Stepp misunderstands the Satanists. They’re not trying to get the program shut down. They want the same opportunity to participate in it. Stepp himself seems to admit it’s already legal, so there shouldn’t be any issue there.

A press release from the Satanists reiterated that same point: While they wish the program didn’t exist, if it does, they plan to make use of it.

Satanic Children’s Ministry would prefer not to introduce our own program. We do believe in a separation of church and state; However, if another religion is allowed to introduce a program to indoctrinate children, we feel we need to step up and ensure our children have their own program to attend. Our children would already be losing precious instructional time due to the schools accommodating [the Elgin Foundation’s] program, so we might as well sign them out and allow them to receive their own religious education focusing on the tenets of Satanism.

They also point out that this isn’t just outside of school. The kids are encouraged to preach to their classmates, in part by using the toys and candy that they get at the church.

[Board member Jennifer] Owen said she’s hearing a different concern from parents, that “students are coming back to school with candy, talking about what a great fun time they had.” She said parents who have contacted her — most of whom are Christian, she said, but are unsure the church’s beliefs align with their own — feel pressure from their children who feel “left out.”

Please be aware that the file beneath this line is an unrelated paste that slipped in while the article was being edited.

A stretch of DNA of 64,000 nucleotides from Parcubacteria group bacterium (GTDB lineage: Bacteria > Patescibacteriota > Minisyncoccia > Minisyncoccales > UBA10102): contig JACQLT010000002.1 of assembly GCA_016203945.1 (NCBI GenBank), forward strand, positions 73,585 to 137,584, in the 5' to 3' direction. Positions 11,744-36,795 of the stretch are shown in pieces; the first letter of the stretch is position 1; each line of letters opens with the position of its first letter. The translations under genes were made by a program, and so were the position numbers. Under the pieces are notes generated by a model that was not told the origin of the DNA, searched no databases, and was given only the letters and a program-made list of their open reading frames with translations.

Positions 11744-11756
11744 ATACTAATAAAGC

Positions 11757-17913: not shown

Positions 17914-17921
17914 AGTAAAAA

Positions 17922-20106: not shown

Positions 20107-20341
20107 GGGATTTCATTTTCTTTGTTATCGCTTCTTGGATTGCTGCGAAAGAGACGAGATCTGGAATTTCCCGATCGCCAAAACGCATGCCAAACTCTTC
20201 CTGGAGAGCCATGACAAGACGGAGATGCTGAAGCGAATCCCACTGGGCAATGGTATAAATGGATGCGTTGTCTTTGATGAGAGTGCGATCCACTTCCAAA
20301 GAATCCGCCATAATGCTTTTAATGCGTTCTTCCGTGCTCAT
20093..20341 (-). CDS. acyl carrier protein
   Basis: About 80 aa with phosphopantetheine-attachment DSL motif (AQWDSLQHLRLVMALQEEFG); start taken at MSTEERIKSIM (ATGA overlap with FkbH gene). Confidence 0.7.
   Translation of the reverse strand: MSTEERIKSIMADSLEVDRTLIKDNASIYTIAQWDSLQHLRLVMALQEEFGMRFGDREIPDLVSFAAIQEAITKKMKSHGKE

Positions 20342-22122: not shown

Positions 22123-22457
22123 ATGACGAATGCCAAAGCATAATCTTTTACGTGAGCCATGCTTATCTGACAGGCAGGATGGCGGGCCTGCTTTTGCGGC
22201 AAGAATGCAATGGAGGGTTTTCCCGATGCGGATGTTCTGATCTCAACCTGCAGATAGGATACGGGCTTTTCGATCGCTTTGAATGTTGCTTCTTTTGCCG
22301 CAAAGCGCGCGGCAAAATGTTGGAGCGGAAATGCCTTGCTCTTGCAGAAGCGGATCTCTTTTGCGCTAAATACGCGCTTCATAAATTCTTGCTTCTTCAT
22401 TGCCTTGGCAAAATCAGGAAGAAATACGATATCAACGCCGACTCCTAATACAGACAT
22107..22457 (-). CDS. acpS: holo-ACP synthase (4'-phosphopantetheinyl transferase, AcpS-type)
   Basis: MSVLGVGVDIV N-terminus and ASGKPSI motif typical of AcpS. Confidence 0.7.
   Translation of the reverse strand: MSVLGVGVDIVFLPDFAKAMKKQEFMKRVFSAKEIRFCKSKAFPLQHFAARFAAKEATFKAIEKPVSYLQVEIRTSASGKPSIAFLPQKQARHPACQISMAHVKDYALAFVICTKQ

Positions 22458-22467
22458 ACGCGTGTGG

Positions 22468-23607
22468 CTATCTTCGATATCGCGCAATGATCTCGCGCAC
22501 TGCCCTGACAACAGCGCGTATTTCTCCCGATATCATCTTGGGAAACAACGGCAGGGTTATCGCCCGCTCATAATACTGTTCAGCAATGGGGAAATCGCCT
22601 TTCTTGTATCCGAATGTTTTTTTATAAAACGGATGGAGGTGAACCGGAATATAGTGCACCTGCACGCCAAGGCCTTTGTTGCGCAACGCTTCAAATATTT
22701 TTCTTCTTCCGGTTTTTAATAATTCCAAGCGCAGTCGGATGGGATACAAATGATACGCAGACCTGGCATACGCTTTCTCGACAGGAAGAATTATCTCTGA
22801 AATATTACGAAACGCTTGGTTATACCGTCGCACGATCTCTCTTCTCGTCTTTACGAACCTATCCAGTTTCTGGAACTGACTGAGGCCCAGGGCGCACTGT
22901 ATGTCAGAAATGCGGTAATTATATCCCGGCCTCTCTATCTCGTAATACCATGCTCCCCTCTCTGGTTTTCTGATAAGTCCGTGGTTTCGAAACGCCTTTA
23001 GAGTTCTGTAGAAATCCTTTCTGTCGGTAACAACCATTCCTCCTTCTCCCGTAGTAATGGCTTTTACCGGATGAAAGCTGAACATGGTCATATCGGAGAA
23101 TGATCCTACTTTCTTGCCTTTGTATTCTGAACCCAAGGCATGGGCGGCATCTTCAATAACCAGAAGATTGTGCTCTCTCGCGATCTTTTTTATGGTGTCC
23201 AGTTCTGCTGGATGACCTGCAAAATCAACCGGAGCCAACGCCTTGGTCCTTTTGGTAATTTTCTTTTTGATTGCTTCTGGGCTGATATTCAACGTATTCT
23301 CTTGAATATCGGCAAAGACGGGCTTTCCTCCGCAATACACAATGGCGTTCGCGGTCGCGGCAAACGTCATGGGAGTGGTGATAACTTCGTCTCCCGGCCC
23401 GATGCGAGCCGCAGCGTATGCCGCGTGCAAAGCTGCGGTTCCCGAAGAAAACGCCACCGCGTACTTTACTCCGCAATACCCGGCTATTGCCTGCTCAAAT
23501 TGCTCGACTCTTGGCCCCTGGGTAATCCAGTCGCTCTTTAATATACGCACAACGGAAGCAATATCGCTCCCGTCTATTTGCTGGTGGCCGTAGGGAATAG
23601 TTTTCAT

If enough parents object to the proselytizing, even without the Satanists stepping onto the scene, maybe the school board will reconsider. I’m not optimistic about that, but the Satanists tell me they plan to fulfill whatever requirements the school board demands.

The East Tennessee chapter of the Freedom From Religion Foundation is also chiming in, urging parents to push back against the program, even offering a sample script of what to say to the school board. The script focuses on what the kids may miss in school, and says that religious education can occur outside of academic classes.

I am opposed to providing Bible Release Time in the Knox County Schools. This program would rob children of essential instructional time. It also blurs the line of state/church separation. Religious instruction does not belong in our schools or during critical school time. Every family has adequate time to provide study of their religion of choice during hours outside the school day.

Please do not move forward with making the pilot program at Sterchi Elementary a county-wide program. Bible Release Time affects all students. Our children deserve the opportunity to have their full instructional time every day.

According to WBIR, the pilot program doesn’t become permanent — and allowed by state law — until the school board discusses it at two meetings, then passes a policy regarding it. They plan to discuss the issue again in mid-December.

The Satanists will be watching closely.

(Image via Facebook)